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Games begin
Seamus O'Connor of Ireland somersaults in the air during the Men's Slopestyle Qualification at the Sochi games

Several papers are still reporting problems with accommodation and facilities in Sochi, ahead of the Winter Olympics opening ceremony.

Not cricket?

Kevin Pietersen

What the Guardian describes as the "farce" of Kevin Pietersen's enforced retirement from England's cricket squad "plunged to a new low", it says, with new national selector James Whitaker "sidestepping questions" in a "toe-curling interview". The Sun wonders whether the PM will "save KP", before hearing David Cameron tell BBC local radio: "I had better stay out of this one."

While ex-England captain Mike Atherton - in the Times - is the latest to reveal the "real reason" the South Africa-born batsman had to go, columnist Philip Collins says the puzzle over "exactly how intolerable" Pietersen was in the dressing room "misses an obvious point". International eligibility rules in sport don't work, he says, adding: "Pietersen is not English. He should never have been allowed to play for England in the first place."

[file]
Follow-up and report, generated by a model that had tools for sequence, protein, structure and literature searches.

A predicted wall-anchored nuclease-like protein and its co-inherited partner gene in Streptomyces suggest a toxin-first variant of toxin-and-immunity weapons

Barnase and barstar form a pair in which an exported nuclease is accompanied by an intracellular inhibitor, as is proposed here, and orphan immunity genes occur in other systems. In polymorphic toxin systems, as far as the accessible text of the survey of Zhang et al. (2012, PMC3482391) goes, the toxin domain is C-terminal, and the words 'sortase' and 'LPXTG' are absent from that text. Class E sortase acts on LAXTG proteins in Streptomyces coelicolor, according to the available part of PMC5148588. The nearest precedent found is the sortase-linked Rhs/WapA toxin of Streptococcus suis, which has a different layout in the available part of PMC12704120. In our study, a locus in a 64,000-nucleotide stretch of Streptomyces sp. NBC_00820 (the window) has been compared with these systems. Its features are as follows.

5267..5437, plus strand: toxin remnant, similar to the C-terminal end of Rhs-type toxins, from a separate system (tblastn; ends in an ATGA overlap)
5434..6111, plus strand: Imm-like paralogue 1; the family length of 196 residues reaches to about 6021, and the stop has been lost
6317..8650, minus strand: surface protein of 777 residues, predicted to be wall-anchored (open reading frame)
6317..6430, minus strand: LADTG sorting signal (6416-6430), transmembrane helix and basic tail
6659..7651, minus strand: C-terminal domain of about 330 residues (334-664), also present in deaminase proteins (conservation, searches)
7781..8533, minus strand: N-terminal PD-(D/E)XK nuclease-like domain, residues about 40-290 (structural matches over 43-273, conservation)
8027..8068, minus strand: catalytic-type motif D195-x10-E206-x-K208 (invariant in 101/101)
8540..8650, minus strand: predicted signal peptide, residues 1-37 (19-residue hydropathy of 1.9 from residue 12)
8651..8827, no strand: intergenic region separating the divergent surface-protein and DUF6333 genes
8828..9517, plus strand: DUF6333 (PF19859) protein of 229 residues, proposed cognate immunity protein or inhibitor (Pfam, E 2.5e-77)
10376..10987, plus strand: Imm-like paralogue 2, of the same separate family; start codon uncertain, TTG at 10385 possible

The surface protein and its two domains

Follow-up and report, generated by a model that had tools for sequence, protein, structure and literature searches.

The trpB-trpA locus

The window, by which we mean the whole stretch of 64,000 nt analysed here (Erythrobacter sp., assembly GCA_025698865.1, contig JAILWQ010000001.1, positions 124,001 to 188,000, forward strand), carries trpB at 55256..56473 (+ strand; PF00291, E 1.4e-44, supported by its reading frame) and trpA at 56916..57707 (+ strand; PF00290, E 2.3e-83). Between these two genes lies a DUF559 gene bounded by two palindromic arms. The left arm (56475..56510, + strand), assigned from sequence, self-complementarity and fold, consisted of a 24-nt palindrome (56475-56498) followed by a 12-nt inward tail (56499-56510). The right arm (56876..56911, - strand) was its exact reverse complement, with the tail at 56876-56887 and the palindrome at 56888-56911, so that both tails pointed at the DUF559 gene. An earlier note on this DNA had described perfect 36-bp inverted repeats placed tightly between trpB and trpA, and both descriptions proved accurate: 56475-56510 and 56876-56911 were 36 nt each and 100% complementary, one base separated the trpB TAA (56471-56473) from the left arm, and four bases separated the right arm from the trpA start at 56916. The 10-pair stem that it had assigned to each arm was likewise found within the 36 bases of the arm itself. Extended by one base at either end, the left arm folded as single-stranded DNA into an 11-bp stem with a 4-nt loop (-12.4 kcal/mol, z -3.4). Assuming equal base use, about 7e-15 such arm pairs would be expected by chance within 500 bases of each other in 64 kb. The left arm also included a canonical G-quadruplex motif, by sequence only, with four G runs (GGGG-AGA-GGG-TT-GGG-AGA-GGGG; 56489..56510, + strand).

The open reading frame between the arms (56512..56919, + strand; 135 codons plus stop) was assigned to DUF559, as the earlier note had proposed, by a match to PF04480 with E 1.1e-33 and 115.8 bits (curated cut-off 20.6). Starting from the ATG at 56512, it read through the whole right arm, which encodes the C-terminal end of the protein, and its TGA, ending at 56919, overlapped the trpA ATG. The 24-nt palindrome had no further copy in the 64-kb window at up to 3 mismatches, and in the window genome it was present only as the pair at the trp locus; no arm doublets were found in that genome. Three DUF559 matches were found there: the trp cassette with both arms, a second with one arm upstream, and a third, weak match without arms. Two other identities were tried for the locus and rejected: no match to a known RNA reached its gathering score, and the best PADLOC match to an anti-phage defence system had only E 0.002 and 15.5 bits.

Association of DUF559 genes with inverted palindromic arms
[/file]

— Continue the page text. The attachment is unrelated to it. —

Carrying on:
Not only does the bobsleigh centre have only half a roof, reports the Sun, but "the athletes' village has run out of PILLOWS".

However, the newspaper leader columns - while acknowledging the reports of corruption, rows over personal freedom and threat of terrorism - carry a note of optimism.

The Times has no doubt the Games will be a sporting success.

"Russians will surely find a way through the waste, corruption and smothering security to revive their ancient traditions of hospitality," it says in an editorial.

The Guardian reckons London 2012 offered proof that "with luck and goodwill a Games can rise above the hype and the horror stories to become an empowering shared experience".

"Let us hope, in spite of all the many reasons why this may not happen in Sochi, that the next two weeks are memorable for the right not the wrong reasons," it adds.

Meanwhile, Jonathan Liew tells Telegraph readers that - though ice is " the thing you have to scrape off your car" and snow "makes your train late" - they should "switch on, sit back and surrender" to the thrill of the spectacle.